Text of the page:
Salsa is played throughout the Hispanic world and has incorporated many influences and evolved into many styles. Like a tree, Salsa has many roots and many branches, but one trunk that unites it all.

Royal Elegance Perfomance

Mambo is a Latin dance of Cuban origin that corresponds to mambo music. Mambo music was invented in 1930s Havana by Cachao and his contemporaries and made popular around the world by Perez Prado and Beny Moré. Mambo music developed from Danzon and was heavily influenced by the Jazz musicians that the Italian-American gangsters, who controlled Havana’s casinos, brought to entertain their American customers.

In the late 1940s, Perez Prado came up with the dance for the mambo music and became the first person to market his music as “mambo”. After Havana, Prado moved his music to Mexico when the reactionary dictatorship at the time did not like his non-traditional style of music and expelled him. From there he moved to New York City. Along the way, his style became increasingly homogenized in order to appeal to mainstream American listeners.

Modern Confusion About What Is or Isn’t Dancing Mambo
The Mambo dance that was invented by Perez Prado and was popular in the 1940s and 50s Cuba, New York and right around the US and latin America is completely different to the modern dance that New Yorkers now call ‘Mambo’ or ‘breaking on 2’. The original and pure form of the mambo dance contains no breaking steps at all, whether on 1 or 2. To see the real mambo dance, have a look at the dance scene in ‘The Motorcycle Diaries’. This form of dance matched mambo music very well. The modern dance from New York they call ‘Mambo’ or dancing ‘on 2’ whilst a very attractive dance is not Mambo. This dance was invented in the 70s by Eddie Torres and his contemporaries who were 1st or 2nd generation Puerto Rican immigrants. This dance they called ‘Mambo’ (for lack of another name) has nothing to do with the original form of the dance. The Eddie Torres dance is not danced to Mambo music, for which it is poorly suited, but instead to Salsa music or some forms of early Son music.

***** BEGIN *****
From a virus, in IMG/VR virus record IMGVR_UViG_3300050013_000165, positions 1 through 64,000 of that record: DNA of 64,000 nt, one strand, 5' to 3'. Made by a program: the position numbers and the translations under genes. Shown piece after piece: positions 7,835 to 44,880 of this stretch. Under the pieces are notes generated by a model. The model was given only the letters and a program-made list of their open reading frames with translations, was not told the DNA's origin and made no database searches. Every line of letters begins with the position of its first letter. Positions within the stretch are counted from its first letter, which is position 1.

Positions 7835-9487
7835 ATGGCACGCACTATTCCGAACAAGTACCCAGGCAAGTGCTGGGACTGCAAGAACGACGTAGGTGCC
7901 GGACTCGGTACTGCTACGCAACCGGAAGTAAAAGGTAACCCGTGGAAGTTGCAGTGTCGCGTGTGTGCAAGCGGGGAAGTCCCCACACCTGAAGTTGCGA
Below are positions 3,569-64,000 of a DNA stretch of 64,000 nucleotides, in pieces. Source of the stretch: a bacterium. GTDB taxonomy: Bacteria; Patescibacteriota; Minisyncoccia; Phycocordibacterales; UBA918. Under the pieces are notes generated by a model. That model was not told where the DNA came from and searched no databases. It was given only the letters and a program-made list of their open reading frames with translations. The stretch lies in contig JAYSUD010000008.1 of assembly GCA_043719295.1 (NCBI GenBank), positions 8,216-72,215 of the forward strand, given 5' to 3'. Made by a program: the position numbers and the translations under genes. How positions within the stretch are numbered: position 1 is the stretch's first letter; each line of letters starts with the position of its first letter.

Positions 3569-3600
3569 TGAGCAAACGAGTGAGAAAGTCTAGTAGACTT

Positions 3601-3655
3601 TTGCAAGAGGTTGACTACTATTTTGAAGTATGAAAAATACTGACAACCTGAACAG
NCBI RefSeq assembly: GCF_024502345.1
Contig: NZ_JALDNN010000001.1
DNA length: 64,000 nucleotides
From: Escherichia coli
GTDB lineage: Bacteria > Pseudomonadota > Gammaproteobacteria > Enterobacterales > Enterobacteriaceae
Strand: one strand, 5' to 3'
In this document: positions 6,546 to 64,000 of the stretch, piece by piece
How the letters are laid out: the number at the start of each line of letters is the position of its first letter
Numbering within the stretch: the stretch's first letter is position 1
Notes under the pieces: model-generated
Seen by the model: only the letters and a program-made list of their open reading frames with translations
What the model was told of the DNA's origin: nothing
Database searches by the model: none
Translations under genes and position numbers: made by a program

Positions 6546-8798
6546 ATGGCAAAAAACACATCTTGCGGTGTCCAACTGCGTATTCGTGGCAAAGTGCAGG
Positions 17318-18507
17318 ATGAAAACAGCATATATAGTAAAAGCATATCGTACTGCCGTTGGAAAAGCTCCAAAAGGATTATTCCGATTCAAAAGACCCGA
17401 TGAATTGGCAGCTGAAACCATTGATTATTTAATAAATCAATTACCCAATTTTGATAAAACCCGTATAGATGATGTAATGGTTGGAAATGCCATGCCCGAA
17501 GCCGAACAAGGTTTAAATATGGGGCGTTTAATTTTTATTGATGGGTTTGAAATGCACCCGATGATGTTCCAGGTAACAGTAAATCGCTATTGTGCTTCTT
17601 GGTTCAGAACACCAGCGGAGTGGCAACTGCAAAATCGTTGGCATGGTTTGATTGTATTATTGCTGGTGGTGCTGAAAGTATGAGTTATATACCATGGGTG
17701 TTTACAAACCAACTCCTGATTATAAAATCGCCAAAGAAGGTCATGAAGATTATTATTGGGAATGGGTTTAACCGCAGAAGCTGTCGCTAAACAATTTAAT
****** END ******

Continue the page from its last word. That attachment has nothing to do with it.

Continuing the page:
The original form of the dance and music are alive and well in Cuba and some ballroom variations of the original dance are taught in dance studios.

Films such the ‘Dirty Dancing 2: Havana Nights’ being an American movie filmed in Puerto Rico show the post 1970 New York invented ‘on 2’ dance. The reason for this? The film contacted none of the original New York Mambo dancers of the 40s and 50s or Cuban choreographers but some of the new generation of ‘Mambo’ dancers from post 70s New York.

The origin of the confusion
Although Tito Puente has been billed as ‘The King of Mambo’, he never actually recorded Mambo. Most of the music he recorded were variations on Son and Cha Cha Cha and fusion type rhythms. Eddie Torres and Tito Puente were great friends and as the music Puente was recording was billed as ‘Mambo’, Torres probably legitimately believed his dance, which matched Puente’s style of music well, was Mambo. However, both are Puerto Rican (not Cuban) and as a result of the U.S. cutting itself off from Cuba since 1959, where the real Mambo (music and dance) is alive and well, these distortions can easily happen.

Majesty In Motion Pro Performance

Although many salseros think that dancing “On 1 or “On 2” refers to which beat of music they rock forward, few seem to realize that the best match for the music is the man breaking forward either “On 5” or “On 6”.
Dancing “On 1” emphasizes the downbeats of the music. Dancing “On 2” emphasizes the upbeats. The beat of the Clave may be a 2-3 or 3-2 rhythm and hits and breaks occur either on the “1” or “6-7” of the 8-count.